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John Lithgow could have been the Joker in Batman, but talked Tim Burton out of casting him

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Nov 15, 2017

What would Indiana Jones have been like had Tom Selleck taken the role? Would Toy Story have become the classic it is today if Billy Crystal accepted the voice of Buzz Lightyear? And do you think we'd continue to religiously quote Forrest Gump assuming that John Travolta hadn't turned down the title role? It's fun to speculate the repercussions of a movie, TV show, or franchise going in a wildly different direction in terms of its casting choices.

Take John Lithgow. The Crown actor recently appeared on Watch What Happens Live with Andy Cohen with Will Ferrell while doing press for Daddy's Home 2 and revealed some extremely iconic roles that he turned down. For instance, feeling himself above episodic television, he refused the main role in the Cheers spin-off, Fraiser. Nevertheless, he'd go on to do the sci-fi comedy series 3rd Rock from the Sun just three years later. 

Even bigger than that, he revealed that he was sought out for the role of the Joker in Tim Burton's 1989 film Batman, a soon-to-be iconic part that ultimately went to Jack Nicholson.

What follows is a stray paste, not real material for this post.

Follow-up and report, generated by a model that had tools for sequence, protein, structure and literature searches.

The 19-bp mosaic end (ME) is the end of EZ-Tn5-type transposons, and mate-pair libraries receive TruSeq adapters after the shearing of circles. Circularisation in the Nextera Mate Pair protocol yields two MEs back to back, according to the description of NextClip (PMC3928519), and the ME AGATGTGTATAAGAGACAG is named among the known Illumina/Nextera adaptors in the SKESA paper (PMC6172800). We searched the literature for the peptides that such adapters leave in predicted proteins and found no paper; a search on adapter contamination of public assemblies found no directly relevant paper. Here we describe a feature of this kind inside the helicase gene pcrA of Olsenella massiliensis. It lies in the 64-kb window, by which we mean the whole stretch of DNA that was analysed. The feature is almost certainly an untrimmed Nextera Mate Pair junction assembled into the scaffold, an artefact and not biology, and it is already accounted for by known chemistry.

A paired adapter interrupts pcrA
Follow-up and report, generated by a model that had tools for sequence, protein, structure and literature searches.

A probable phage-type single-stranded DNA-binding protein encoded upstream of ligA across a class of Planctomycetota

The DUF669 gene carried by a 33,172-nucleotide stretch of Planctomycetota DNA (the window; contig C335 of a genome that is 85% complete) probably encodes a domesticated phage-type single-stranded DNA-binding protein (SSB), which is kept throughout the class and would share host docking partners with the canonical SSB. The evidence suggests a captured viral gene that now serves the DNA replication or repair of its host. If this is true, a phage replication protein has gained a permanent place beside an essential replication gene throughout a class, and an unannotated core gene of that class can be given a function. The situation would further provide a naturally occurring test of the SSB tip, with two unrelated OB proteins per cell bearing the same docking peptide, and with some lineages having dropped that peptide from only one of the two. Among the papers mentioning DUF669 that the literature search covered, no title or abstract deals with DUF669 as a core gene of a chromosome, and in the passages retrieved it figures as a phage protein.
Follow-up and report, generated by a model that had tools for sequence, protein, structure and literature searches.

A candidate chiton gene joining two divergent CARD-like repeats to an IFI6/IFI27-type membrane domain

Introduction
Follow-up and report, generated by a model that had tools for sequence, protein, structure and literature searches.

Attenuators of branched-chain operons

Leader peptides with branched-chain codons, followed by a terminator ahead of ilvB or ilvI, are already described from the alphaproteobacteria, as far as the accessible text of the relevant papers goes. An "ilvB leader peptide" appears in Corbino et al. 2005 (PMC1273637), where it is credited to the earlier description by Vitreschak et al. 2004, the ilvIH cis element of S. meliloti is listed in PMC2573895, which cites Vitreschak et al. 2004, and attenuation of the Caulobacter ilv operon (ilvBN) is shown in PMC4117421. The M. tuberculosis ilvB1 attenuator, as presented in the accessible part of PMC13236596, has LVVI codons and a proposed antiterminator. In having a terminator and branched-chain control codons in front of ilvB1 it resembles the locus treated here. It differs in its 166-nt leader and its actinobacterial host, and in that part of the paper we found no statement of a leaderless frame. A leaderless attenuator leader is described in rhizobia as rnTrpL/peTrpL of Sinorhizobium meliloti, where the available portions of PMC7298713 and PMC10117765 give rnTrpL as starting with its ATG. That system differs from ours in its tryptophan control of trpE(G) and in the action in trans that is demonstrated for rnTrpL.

"I didn't exactly turn it down," Lithgow told Cohen as Ferrell yelled out in dissapointed frustration, holding his face in his hands. "I was actually put forward by the great casting director Marion Dougherty. It was her choice [for me] to play the Joker [and] took me to Tim Burton. I was working my ass off on Broadway in M. Butterfly at the time and I just couldn't imagine going from that into a movie, besides which, at that point, I though, 'Who is gonna wanna see a movie about Batman?' So I basically talked Tim Burton out of even considering me." 

Not your best call, Mr. Lithgow, but given Nicholson's quintessential performance, it's hard to imagine anyone else making it great.

We don't have to feel too sorry for Lithgow, though, as he got his own lionized villain role in 2001's Shrek as Lord Farquaad. He also won an Emmy this year for his role as Winston Churchill on Netflix's The Crown, so, all in all, he doesn't have to regret too much about the way his career has turned out. Like the character he almost played, his smile need not falter.